I was really excited about my trip to Australia, and an opportunity/excuse to make a new ca. 1800 dress.
I’ve done very little historical sewing since last Costume College, and I’m definitely missing it. Regency has been on my sewing wishlist for quite a while. I had a length of muslin I found at an op-shop that was just asking to be a simple almost-white dress.
Should be perfect!
Unfortunately I’m pretty meh about the result.
I’m not sure if it’s really the dress, or simply in my brain.
I’m currently going through a really hard patch as a costumer and historical sewer. Mentally, I need a certain amount of time to focus on a project in order to really do a good job. And I also need to keep in practice in order to not only to keep growing as a historical sewer, but to just stay at the levels of sewing that I’ve achieved in the past.
And for the last few years I just haven’t managed to make that time. Between starting Scroop Patterns, teaching sewing, buying+painting+repairing a house, blogging*, running the Historical Sew Monthly, and some big personal life stuff, I’ve had little space for large-scale historical costuming. There have been no more Ninons.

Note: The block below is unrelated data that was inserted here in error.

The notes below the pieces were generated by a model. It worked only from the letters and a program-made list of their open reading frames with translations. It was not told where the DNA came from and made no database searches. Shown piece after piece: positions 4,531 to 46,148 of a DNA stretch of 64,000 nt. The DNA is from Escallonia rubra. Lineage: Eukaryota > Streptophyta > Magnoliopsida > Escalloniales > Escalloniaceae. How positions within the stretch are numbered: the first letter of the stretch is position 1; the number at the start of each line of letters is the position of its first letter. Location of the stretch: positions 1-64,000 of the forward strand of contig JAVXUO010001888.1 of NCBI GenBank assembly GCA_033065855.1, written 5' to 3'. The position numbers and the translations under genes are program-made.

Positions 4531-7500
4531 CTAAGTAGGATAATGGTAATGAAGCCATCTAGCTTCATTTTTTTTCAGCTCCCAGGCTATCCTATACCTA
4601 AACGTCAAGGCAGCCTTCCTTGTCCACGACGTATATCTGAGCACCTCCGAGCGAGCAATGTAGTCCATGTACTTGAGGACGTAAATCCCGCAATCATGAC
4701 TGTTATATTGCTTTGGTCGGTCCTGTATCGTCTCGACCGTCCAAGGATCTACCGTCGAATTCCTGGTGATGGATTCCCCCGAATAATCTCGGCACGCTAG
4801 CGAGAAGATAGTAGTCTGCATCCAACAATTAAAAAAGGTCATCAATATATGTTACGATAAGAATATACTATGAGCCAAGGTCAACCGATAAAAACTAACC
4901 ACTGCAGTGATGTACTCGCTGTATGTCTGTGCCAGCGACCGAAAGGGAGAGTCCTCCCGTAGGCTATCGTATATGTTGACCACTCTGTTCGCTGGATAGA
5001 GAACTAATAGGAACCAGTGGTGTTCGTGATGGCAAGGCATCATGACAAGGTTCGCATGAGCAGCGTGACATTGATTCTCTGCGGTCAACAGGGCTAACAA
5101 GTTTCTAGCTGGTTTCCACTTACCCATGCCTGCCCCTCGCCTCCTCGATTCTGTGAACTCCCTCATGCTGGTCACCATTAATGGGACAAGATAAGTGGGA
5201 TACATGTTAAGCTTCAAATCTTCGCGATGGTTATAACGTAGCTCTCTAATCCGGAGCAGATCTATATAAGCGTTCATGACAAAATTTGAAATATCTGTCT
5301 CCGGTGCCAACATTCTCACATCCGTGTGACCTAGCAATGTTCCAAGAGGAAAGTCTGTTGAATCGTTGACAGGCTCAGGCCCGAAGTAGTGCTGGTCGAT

(*And you’ll probably have noticed that I haven’t been nearly as prolific at blogging as I was in the past…)
I’ve made a lot of great little things for the HSM, and my stocking and chemise stash is in pretty good shape, but full outfits? Impressive dresses? It doesn’t feel like it.
Emotionally I’m finding it really hard. I see all these other costumers making all this amazing stuff, and the few bigger things I’ve managed to make I feel like I need to totally take-apart and re-make to get them to where I want them to be. On a logical level, I know I’ve been doing an impressive amount of things over the last couple of years – they just haven’t been costumes. But emotionally my brain beats me up for not making as much as I think I should be able to, and not making them as well as I know I can.